Read on to find out what’s new in this year’s release, Android 11. 

Focusing on people to make communication easier

Across Google, we’ve been thinking about how to help people communicate more effectively with each other. Google Meet is now available to everyone and can support larger meetings, and family mode for Duo lets you doodle on calls and add masks and effects, helping you express yourself in new and fun ways. 


To make communication easier and simpler on your phone, Android 11 will move all of your conversations across multiple messaging apps to a dedicated space in the notification section. This makes it easy to see, respond to and manage your conversations all in one place. You can mark a conversation as priority to give it preference so you never miss an important message. These key conversations show up on your always-on display and can even “break through” a Do Not Disturb setting. 


Android 11 also introduces Bubbles, a new feature to help you respond and engage with important conversations without switching back and forth between your current task and the messaging app. You can open a bubble for your conversation right from the notification and multitask without missing a thing.   


In addition, when you type using Gboard in Android 11, you’ll get relevant and automatic suggestions for emoji and text. This is possible because of secure on-device intelligence that takes advantage of Federated Learning, and it works without Google ever seeing anything you type.

New ways to control your connected devices and media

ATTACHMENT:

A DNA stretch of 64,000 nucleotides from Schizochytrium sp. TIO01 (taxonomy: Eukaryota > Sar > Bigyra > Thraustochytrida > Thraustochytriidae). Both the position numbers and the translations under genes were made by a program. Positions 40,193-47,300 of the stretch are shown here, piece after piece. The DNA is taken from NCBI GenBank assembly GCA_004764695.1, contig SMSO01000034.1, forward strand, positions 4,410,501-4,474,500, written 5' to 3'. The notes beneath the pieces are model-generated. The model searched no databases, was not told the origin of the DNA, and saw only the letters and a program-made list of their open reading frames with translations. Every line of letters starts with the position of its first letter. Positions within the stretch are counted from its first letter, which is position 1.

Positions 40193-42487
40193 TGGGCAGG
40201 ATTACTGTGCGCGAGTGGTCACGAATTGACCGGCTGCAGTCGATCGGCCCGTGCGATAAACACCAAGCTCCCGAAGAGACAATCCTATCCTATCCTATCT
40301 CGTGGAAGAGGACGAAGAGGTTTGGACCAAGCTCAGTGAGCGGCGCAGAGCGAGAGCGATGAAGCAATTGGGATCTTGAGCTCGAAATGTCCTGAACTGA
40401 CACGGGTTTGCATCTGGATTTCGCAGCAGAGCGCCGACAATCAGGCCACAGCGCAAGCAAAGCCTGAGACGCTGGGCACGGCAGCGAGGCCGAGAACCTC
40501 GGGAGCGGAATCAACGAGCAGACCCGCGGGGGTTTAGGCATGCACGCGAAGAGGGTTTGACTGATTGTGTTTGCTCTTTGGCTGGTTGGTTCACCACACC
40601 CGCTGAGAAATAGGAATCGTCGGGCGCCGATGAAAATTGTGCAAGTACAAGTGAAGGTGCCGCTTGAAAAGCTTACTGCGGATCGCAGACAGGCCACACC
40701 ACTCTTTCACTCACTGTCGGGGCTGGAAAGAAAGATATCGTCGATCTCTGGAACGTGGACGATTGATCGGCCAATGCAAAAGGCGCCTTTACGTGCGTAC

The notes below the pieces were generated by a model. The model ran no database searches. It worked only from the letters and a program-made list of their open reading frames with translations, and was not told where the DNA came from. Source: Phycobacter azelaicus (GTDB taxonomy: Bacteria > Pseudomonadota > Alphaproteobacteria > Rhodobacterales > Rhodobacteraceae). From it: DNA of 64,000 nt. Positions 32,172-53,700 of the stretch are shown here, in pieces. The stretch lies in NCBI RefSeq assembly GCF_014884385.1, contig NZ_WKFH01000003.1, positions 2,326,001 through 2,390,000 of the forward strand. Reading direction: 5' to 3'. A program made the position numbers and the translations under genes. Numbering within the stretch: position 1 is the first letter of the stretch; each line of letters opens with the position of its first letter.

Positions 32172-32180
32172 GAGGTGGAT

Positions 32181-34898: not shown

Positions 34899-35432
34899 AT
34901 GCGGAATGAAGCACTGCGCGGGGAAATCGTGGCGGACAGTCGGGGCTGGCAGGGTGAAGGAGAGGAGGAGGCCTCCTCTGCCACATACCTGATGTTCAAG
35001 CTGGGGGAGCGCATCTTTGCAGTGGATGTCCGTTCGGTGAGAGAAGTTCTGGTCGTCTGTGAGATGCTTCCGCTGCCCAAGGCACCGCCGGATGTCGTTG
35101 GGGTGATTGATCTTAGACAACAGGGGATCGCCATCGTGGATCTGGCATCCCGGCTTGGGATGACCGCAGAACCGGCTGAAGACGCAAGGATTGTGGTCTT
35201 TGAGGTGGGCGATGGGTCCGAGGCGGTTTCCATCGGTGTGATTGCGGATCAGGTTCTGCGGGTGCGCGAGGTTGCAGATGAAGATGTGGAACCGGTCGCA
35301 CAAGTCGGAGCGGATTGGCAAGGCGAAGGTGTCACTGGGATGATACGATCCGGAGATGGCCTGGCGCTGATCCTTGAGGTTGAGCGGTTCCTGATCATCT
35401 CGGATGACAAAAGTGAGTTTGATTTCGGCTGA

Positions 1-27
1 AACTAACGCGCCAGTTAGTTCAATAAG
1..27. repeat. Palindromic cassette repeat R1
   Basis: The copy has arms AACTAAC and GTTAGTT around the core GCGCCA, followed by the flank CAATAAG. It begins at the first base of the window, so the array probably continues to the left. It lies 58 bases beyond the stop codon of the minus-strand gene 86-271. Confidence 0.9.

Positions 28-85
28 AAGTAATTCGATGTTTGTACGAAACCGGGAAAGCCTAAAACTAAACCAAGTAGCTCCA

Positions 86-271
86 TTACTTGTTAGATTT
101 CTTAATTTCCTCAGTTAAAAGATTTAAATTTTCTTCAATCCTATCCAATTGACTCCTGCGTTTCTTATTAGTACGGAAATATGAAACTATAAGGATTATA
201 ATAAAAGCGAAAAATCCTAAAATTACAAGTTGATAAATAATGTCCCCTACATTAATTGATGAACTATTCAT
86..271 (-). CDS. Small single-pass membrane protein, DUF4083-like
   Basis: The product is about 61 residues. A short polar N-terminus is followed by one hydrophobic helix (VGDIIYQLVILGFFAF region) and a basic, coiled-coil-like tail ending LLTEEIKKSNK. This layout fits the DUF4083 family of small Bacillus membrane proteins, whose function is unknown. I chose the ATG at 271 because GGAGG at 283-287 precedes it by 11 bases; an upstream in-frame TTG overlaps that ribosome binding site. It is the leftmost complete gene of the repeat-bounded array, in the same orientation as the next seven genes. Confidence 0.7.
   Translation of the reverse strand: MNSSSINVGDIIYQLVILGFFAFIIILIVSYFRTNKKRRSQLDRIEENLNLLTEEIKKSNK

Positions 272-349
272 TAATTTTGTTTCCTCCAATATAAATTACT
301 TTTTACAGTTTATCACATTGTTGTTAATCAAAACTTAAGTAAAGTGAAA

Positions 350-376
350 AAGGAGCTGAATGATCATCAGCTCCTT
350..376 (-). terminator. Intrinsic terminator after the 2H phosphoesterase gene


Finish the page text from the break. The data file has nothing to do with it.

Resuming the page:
Device Controls (with house).gif

Caption: Android 11 makes it faster and easier to access and control your connected devices

As the world around us becomes more connected with ambient computing, Android 11 is helping you better manage all of your connected devices. 


You can now quickly access and control your smart devices in one place by long pressing on the power button. Adjusting the temperature, turning on the lights or unlocking the front door can now be done with a tap without opening multiple apps. 


Your device controls will show up alongside other things you need at the ready, like your payment methods or your boarding pass (when we’re flying again). We like to think of it as  a “pocket” for your digital wallet, keys and more.


We’re also introducing new media controls in Android 11, making it quick and convenient to switch the device your audio or video content is playing on. It is now easier to bring your music with you from your headphones, to speakers, or even to your TV. 

Media Controls.gif

Caption: New media controls in Android 11

More privacy improvements


Every Android release has new privacy and security controls that let you decide how and when data on your device is shared. Android 11 has even more granular controls for the most sensitive permissions. With one-time permissions you can grant apps access to your microphone, camera or location, just that one time. The next time the app needs access to these sensors, it will have to ask you for permission again.


In addition, if you haven’t used an app for an extended period of time, we will “auto-reset” all of the permissions associated with that app and notify you of the same. You can always choose to re-grant the app permissions the next time you open the app. 

Android 11 screens.gif

Caption: New privacy controls in Android 11: One-time permissions and auto-reset

Available in Beta today with many more features


Android 11 brings many more features to your smartphone, like screen recorder, updated Voice Access, improved performance, and an improved share menu that makes it easier to share content from your phone. You can find many of these features in Beta, available on Pixel 2+ phones today and other devices in the coming weeks.

Source: Android


ARCore: Augmented reality at Android scale